“Do the rest of the staff live in?”

“Some. Quite a few of the married members have flats in Mona Lodge, just outside Ballacarrick.”

“And your cottage is actually in the village?”

“Yes, but Manx villages aren't like English ones. No neat little village green with a duck pond and general stores. Most of them simply consist of a straggle of houses with a church and school alongside. This is St John's we're skirting now, where Tynwald is held every summer. You've heard of it, I suppose, the island's independent parliament?”

I rubbed a circle in the steam on the car window, but the rain sluicing down outside proved an impenetrable barrier. “I think so. Does the world Tynwald mean ‘parliament'?”

“Yes, and it's also used for the actual ceremony held once a year. It comes from ‘thing' – assembly, and ‘vollr' field. The legislative system is Scandinavian, of course, and the whole place is steeped in history. Perhaps that's why it appeals to us so much!”

Something in his words touched a chord inside me and set it vibrating. Everyone was so sure I had never been here, and yet –

“I hope the weather holds for you,” Hugo was continuing. “This rain should have cleared by morning but if the mist comes down you won't be able to do much.”

Mist. Again, more strongly, some inner memory stirred. The word seemed to materialize, cloaking itself in its own trailing shroud and wrapping round me with a deep, penetrating chill. Mist, the forlorn cry of seabirds – and a feeling of sudden, unexplained terror. I shivered involuntarily.

“Cold? This heater's on the blink, I'm afraid. Not much further, though.”

The car sped on under writhing, wind-torn trees, between thickly wooded plantations, past isolated cottages crouching in the shadows. My heart began to flutter uncomfortably at the base of my throat. Steeped in history, Hugo had said. And folklore too, I felt certain. No race could have lived here all these centuries without becoming aware of other, unseen inhabitants, timeless as the hills themselves.

“Home stretch!” Hugo's voice made me jump. “That was Ballaugh we've just come through. We'll be there in a couple of minutes now. Here's the turning.” We left the main road and a moment later swung into a driveway and the car came to a halt, its wheels churning gravel. To our left a porch light shone in welcome. Hugo took my arm and ran with me through the driving rain to the shelter of the cottage where Martha was waiting to greet us. She was a tall girl, only an inch or so shorter than Hugo, with long dark hair and helpless-looking eyes behind enormous horn-rimmed spectacles.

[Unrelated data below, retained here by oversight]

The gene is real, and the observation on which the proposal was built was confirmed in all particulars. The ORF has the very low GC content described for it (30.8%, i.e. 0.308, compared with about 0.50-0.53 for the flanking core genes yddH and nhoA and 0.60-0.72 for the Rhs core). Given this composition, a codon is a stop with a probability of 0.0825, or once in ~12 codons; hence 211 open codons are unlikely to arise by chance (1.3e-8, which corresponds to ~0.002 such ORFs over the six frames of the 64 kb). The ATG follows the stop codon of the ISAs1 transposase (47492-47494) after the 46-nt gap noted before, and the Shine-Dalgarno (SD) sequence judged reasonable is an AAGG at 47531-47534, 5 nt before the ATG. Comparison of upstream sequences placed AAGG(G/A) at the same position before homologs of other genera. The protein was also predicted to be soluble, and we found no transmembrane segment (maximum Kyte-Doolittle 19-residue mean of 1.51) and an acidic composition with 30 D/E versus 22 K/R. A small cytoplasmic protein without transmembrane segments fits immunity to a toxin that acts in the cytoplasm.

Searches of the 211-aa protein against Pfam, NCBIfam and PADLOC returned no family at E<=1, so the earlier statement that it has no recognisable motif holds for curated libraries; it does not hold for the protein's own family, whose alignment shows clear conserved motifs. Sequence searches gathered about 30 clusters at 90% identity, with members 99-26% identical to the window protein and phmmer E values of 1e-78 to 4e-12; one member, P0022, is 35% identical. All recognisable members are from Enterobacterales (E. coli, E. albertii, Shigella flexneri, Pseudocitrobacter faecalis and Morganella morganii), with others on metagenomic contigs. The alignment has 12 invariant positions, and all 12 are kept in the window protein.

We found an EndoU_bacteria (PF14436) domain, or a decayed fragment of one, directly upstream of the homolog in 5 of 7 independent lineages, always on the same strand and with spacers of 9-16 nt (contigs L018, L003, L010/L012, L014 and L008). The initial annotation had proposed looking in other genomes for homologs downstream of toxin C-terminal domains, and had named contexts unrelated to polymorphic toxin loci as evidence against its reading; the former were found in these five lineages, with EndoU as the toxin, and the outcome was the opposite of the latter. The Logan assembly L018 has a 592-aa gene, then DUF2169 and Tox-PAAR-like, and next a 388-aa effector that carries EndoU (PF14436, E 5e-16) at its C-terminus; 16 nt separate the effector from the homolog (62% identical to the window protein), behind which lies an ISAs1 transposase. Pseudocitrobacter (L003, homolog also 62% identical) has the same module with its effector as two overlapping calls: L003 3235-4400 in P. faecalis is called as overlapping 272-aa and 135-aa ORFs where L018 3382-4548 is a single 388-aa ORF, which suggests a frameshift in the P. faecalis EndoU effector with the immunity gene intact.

“Hello, Chloe. Welcome to the Isle of Man!”

She turned to Hugo who kissed her soundly and for a brief moment I felt an outsider. Then his other arm came round my shoulders. “Chloe's a bit chilly. Is there a good fire going?”

I followed Martha through the door on the right into a fair-sized room dominated by a stone fireplace where an open fire crackled cheerfully. Thick woven curtains in warm orange shut out the wind-filled night. There were deep, patently comfortable armchairs, a sofa, shelves and shelves of books, and Hugo's old desk in one corner. Immediately at home, I moved to the hearth and held out my hands.

“How lovely to see an open fire after years of central heating and smokeless zones!”

Hugo selected a log from the side of the hearth and threw it on the fire. “Sit down and warm yourself. I'll put the case in your room.”

Left alone, Martha and I smiled at each other a little nervously and both started to speak at the same time. I said: “I hear you teach at St Olaf's.” And she: “I hope Hugo warned you to bring indigestion tablets!”

We laughed and the ice was broken.

“How was France?” she asked eagerly. “I'm longing to hear about it.”

“Hard work most of the time. We didn't get much chance to socialize.”

“What a waste! Didn't you meet any devastating Frenchmen?”

“There was one, at the hotel where I worked during the summer. I've had a couple of letters since I came back.” Fleetingly I thought of Jean-Claude and the warm, Mediterranean nights. It seemed – it was – another world from this dark, wet little island in the middle of the Irish Sea.

BOOK: Island-in-Waiting